In this post I am going to explain how to enable GUI root access on Debian 9. Instructions for Debian 10 are similar and can be found here. At this point I should warn you that using the root account is dangerous as you can ruin your whole system. Try to follow this guide exactly.

# Category Archives: Computing and Others

# Seasonal adjustment

# What is seasonal adjustment?

Seasonal adjustment refers to a statistical technique that tries to quantify and remove the influences of predictable seasonal patterns to reveal nonseasonal changes in data that would otherwise be overshadowed by the seasonal differences. Seasonal adjustments provide a Continue reading Seasonal adjustment

# Clustered Standard Errors in R

The easiest way to compute clustered standard errors in R is the modified ` summary()`

. I added an additional parameter, called `cluster,`

to the conventional ` summary() `

function. This parameter allows to specify a variable that defines the group / cluster in your data. The summary output will return clustered standard errors. Here is the syntax:

` summary(lm.object, cluster=c("variable")) `

Continue reading Clustered Standard Errors in R

# Example data – Clustered Standard Errors

The following R script creates an example dataset to illustrate the application of clustered standard errors. You can download the dataset here.

The script creates a dataset with a specific number of student test results. Individual students are identified via the variable ` student_id `

. The variable ` id_score `

comprises a student’s test score. In the test, students can score from 1 to 10 with 10 being the highest score possible. Continue reading Example data – Clustered Standard Errors

# Robust Standard Errors in STATA

”Robust” standard errors is a technique to obtain unbiased standard errors of OLS coefficients under heteroscedasticity. In contrary to other statistical software, such as R for instance, it is rather simple to calculate robust standard errors in STATA. All you need to is add the option ` robust `

to you regression command. That is:

# Robust Standard Errors in R

One can calculate robust standard errors in R in various ways. However, one can easily reach its limit when calculating robust standard errors in R, especially when you are new in R. It always bordered me that you can calculate robust standard errors so easily in STATA, but you needed ten lines of code to compute robust standard errors in R. I decided to solve the problem myself and modified the ` summary() `

function in R so that it replicates the simple way of STATA. I added the parameter ` robust `

to the ` summary() `

function that calculates robust standard errors if one sets the parameter to true. With the new ` summary() `

function you can get robust standard errors in your usual ` summary() `

output. All you need to do is to set the ` robust `

parameter to true:

` summary(lm.object, robust=T) `

Continue reading Robust Standard Errors in R

# Robust Standard Errors in R – Function

One can calculate robust standard errors easily in STATA. However, one can easily reach its limit when calculating robust standard errors in R. Although there exist several possibilities to calculate heteroscedasticity consistent standard errors most of them are not easy to implement, especially for beginners. I modified the ` summary() `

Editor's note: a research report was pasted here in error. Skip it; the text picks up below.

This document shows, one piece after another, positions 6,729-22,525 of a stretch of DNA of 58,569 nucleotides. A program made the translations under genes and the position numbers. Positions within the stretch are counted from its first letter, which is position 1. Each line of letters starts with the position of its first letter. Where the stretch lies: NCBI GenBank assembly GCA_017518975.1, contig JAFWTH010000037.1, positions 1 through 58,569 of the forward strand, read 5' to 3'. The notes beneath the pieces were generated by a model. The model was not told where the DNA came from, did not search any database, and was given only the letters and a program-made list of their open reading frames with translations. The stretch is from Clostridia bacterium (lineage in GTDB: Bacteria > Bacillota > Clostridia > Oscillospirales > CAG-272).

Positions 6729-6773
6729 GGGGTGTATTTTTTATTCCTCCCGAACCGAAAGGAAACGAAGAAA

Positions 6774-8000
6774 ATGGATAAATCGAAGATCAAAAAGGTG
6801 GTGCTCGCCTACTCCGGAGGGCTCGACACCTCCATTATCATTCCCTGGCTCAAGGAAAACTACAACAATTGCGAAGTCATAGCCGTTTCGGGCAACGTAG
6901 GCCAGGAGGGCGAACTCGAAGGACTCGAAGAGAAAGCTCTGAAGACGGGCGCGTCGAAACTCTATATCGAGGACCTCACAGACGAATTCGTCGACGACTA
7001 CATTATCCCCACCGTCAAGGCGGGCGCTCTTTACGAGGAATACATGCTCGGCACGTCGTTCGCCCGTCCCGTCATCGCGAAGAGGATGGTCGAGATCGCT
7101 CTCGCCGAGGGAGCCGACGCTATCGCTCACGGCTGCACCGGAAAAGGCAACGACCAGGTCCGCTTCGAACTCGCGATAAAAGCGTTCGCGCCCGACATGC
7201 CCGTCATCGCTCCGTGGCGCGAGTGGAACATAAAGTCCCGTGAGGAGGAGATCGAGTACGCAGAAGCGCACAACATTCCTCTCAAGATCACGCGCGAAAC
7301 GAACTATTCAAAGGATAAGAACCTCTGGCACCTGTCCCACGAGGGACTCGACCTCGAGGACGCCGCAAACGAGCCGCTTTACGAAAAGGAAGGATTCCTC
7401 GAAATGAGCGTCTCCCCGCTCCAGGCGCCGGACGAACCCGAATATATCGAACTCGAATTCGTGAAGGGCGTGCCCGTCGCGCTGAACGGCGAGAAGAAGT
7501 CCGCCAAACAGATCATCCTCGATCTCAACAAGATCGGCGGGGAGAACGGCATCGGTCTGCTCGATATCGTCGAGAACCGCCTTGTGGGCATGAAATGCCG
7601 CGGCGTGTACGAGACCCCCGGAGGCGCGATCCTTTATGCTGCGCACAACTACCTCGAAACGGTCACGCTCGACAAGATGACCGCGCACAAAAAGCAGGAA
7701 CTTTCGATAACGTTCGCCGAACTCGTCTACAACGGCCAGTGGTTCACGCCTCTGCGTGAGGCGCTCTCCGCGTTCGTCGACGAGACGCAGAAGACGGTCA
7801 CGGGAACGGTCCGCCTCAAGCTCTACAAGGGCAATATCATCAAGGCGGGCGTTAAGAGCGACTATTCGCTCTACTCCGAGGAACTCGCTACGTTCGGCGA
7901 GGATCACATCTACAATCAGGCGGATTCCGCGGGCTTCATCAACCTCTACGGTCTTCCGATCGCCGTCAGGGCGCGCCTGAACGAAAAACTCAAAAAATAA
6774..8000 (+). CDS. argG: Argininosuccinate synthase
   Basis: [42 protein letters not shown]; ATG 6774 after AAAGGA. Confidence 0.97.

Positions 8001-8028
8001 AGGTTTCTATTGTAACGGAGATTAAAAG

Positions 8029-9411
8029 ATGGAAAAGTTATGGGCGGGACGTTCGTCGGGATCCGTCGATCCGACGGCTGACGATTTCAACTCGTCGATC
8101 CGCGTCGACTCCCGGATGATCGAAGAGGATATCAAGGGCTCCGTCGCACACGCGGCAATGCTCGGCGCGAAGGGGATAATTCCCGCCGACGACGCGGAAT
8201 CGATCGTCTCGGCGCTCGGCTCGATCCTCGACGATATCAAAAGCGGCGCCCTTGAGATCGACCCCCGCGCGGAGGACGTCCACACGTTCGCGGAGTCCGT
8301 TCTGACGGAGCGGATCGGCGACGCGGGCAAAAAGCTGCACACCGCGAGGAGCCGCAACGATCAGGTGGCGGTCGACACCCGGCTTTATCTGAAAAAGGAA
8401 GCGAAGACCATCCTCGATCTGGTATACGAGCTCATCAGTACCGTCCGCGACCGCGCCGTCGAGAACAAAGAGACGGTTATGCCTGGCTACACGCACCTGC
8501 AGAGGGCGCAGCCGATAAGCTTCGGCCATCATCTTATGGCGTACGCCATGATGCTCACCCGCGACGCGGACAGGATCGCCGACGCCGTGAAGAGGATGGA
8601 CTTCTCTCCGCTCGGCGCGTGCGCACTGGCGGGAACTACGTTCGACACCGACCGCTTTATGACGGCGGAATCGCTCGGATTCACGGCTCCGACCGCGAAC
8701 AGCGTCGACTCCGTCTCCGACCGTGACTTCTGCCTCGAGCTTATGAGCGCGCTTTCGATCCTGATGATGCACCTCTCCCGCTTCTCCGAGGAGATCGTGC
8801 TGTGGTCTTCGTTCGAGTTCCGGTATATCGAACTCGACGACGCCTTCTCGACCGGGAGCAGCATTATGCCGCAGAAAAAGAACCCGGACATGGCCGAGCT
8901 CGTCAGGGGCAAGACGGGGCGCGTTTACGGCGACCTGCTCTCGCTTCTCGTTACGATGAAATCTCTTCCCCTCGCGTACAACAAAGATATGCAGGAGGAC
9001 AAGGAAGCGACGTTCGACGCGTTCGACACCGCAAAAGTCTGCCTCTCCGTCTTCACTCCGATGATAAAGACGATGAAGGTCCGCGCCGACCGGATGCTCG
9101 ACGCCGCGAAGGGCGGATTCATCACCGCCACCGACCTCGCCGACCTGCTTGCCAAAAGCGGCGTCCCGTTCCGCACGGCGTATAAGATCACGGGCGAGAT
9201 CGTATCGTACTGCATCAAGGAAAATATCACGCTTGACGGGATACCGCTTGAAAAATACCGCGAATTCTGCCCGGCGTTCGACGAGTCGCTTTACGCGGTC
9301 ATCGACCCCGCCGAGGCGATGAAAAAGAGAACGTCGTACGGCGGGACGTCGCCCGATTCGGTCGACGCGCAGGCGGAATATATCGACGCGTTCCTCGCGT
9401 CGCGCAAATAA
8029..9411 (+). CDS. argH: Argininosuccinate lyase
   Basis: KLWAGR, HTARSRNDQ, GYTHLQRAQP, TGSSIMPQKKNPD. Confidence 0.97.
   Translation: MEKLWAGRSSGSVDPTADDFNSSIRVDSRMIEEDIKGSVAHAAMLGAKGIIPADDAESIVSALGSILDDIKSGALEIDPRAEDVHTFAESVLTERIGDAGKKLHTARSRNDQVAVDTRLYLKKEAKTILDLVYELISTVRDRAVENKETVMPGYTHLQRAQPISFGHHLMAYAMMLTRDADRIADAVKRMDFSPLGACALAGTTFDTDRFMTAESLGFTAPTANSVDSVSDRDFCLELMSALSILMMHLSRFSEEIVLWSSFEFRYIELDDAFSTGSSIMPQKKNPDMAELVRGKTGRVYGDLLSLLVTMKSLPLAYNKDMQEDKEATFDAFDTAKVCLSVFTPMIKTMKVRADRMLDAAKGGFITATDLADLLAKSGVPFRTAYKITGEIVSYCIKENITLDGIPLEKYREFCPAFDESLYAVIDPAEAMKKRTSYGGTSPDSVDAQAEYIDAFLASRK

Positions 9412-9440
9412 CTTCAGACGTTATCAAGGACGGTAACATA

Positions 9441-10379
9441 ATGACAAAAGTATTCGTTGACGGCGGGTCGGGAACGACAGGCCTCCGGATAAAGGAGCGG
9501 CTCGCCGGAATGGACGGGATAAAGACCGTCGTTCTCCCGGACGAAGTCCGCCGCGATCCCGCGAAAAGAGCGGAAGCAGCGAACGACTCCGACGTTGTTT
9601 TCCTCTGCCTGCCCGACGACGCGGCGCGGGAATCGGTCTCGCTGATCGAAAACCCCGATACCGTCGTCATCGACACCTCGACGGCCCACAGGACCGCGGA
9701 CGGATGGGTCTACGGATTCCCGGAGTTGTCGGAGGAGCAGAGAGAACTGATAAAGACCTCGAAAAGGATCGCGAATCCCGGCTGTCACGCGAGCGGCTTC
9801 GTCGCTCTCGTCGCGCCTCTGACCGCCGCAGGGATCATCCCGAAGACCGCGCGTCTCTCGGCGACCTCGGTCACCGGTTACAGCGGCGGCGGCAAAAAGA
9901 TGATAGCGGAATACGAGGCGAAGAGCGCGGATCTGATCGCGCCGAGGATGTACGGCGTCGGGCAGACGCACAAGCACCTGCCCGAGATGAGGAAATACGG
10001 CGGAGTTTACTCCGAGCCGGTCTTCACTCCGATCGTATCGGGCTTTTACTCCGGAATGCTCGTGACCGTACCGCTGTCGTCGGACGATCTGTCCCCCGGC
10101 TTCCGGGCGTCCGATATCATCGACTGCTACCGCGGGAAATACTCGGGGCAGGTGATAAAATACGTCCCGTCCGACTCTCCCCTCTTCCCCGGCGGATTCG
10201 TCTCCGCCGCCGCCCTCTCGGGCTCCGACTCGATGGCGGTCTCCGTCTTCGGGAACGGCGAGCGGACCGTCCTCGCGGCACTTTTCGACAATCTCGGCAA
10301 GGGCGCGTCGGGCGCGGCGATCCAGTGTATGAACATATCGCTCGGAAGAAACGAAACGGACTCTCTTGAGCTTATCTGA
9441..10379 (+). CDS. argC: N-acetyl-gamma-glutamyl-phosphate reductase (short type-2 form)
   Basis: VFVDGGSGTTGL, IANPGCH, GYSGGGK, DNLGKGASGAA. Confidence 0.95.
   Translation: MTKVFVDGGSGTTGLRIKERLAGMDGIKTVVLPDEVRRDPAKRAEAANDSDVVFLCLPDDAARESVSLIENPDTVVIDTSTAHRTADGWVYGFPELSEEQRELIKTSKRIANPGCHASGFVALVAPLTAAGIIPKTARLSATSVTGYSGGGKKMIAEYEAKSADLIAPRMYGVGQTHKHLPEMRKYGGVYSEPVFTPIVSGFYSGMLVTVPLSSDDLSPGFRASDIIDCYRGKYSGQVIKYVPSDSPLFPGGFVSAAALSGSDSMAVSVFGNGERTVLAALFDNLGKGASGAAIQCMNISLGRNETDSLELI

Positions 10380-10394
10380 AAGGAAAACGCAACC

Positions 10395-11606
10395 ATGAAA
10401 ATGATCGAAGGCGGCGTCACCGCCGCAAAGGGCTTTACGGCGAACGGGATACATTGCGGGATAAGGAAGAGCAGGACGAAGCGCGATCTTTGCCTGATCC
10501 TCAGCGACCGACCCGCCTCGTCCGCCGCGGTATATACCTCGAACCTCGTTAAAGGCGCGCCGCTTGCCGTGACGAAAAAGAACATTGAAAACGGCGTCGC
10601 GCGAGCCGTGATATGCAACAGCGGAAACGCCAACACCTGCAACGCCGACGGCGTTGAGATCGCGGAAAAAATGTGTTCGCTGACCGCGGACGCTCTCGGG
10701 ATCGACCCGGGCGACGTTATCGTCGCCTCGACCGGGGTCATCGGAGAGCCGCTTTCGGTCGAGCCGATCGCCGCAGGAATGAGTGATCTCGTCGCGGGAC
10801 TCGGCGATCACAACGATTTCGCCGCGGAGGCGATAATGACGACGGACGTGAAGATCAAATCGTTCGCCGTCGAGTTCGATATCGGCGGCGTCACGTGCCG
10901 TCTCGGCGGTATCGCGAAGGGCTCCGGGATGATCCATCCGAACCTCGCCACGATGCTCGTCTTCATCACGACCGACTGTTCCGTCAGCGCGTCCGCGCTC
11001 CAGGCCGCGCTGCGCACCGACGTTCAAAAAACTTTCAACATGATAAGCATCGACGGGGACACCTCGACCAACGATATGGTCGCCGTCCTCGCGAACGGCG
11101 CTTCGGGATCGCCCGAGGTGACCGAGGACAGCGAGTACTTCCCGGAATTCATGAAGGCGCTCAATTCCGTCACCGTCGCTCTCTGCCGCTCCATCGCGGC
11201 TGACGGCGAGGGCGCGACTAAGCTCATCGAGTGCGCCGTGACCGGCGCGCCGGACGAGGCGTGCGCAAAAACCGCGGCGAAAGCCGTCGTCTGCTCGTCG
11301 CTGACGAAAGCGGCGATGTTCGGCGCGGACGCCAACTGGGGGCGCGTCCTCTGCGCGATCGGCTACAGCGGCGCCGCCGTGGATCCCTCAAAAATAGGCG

function in R so that it replicates the simple way of STATA. You can find the new ` summary() `

function below. Furthermore, I uploaded the function to a github.com repository. This makes it easy to load the function into your R session. In order to see how you can import the new ` summary() `

function into your R session and how you can use it see this post here. Continue reading Robust Standard Errors in R – Function

# Self-Hosted WordPress Permalink Problems – Solve Database Issues

Finally, if you are still here it means that you properly applied point 1 to 3 of the checklist and you are still experiencing problems with permalink.

I have one last point that you should check out. Sometimes WordPress does not Continue reading Self-Hosted WordPress Permalink Problems – Solve Database Issues

# Self-Hosted WordPress Permalink Problems – set AllowOverride all

WordPress uses .htaccess to manipulate how Apache serves files from its root directory, and subdirectories thereof. Most notably, WP modifies this file to be able to handle pretty permalinks. However, Apache must allow the use of .htaccess files in order for WordPress to use the file. Set the parameter ”AllowOverwrite” of the file ”apache2.conf” file to ”All” in order to tell Apache to allow the use of .htaccess files. Continue reading Self-Hosted WordPress Permalink Problems – set AllowOverride all

# Self-Hosted WordPress Permalink Problems – .htaccess permissions

In case you .htaccess exists and is placed in the right directory you should check if it has the right permissions and if the right user owns it. The right user should be your linux user handling WordPress. On Debian (it will be similar on other systems, I suppose) you can find the owner and the permission of a file or directory with the command ` ls -l /path/to/directory`

. The output will tell you the permission on the file (”-rw-r–r–” in my case) and who owns the file (”www-data” in my example). The second ”www-data” indicates the group, which is identical than the owner in my case. Continue reading Self-Hosted WordPress Permalink Problems – .htaccess permissions